Bill Viola

Art Monthly, Issue 173, February, 1993.

Bill Viola: Unseen Images is at the Whitechapel Gallery, London until February 13 The exhibition tours to Tel Aviv this summer.

Confronted by the huge back-projected video images of the Nantes Triptych it is impossible to ignore the raw emotional power of the sequences Bill Viola shows at the Whitechapel. Slowly unfolding images of actual birth and death flank a central panel depicting a ‘helpless’ male observer, floating in a hazy monochrome void. In the Nantes Triptych Viola seems reduced to a mere presenter of near-documentary footage. In this context Viola’s stated attitude to his medium is significant. He believes that ‘the raw material is not the camera and monitor, but time and experience itself’ He states that the work ‘exists not on the screen or the walls of the room, but in the heart and mind of the person who has seen it’ Despite this claim for the interactive power of unmediated and authentic footage, the experience of helplessness is somehow extended to the viewer. As a passive observer witnessing the death of his mother, I was forced into the role of voyeur and left hovering in an uncomfortable territory between expression and exploitation. The dramatic scale of the installation created a disturbing spectacle that I felt excluded from – floating in my own void within the anonymous gallery space of the Whitechapel. The raw material of video may well be characterised as ‘experience’, but in gallery art the medium has significant intrinsic characteristics. Not only this, but the ‘heart and mind’ of the viewer is not a blank canvas – we come to the work with our own personal and cultural baggage. The artist is also able to manipulate factors which include space, acoustics, duration, sequence and scale which can now mimic the impact of film. All this can dramatically alter the meaning of that ‘raw’ experience and in this respect Viola is a skilful director How-ever, sometimes it backfires. The intimate and private images of the Nantes Triptych seemed swollen and distorted solely in order to dominate the gallery space.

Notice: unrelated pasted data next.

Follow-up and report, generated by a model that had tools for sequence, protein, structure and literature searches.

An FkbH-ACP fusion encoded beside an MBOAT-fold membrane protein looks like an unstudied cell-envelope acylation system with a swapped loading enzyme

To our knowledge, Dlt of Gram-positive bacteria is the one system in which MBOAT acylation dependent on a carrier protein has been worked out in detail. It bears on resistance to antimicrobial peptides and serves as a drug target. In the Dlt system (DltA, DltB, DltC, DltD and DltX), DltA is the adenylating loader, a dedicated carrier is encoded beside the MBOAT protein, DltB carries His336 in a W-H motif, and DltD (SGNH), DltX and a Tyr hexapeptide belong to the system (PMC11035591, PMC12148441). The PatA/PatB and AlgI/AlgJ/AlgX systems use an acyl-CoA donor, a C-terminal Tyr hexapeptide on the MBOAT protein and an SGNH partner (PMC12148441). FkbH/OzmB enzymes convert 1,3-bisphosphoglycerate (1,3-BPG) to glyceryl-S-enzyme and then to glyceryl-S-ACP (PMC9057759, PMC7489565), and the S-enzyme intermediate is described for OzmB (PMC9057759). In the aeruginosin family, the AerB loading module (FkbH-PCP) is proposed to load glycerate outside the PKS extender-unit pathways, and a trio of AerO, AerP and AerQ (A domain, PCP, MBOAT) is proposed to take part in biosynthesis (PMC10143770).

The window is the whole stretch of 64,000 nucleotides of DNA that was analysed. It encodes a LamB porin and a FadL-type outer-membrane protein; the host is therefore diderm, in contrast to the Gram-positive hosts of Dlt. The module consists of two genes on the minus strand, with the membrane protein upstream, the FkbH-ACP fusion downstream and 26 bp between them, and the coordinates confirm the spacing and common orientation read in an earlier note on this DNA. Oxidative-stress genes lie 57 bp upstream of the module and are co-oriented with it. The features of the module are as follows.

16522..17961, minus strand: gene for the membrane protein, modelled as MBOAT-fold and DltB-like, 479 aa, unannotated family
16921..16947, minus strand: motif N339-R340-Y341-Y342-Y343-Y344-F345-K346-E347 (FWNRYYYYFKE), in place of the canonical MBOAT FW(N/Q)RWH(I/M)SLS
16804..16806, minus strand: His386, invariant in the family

The exhibition presents a series of closely related installations which form a virtual ‘family’ of works. Chronologically close, they share many images; there is a carefully considered relationship between the works, as if they were constructed as individual elements within a sequence.
One of the central themes of ‘Unseen Images’ is the relationship between mind and body. Viola wants to examine what he feels is an overlooked aspect of electronic media – its physicality. His intention is to evoke an emotional response as an important step in reintegrating ‘mind, being and self’ He believes that the challenge for contemporary artists is to ‘bring analytical skills to bear on the perceptual physiological language of the image’. This is underpinned by a desire to acknowledge and embrace millennia of Buddhist and Hindu philosophical speculation. He points towards the recent shift in theoretical physics towards an acknowledgement of the relationship between the nature of matter and human consciousness. Viola is drawn to mystics from both hemispheres because he sees parallels between creative religious experience and the potential for art to act as a transcendental medium.
Viola has a particular notion of acoustical space and understands sound as both an object and a physical force. This concept provides a model for his installations which are designed to engage the viewer both physically and emotionally. As a result, he speaks of scenes before his camera as ‘fields’ rather than ‘points of view’ Thus Viola’s concern to link physical and material existence to abstract, inner phenomena has evolved out of a recognition of the unique properties of sound.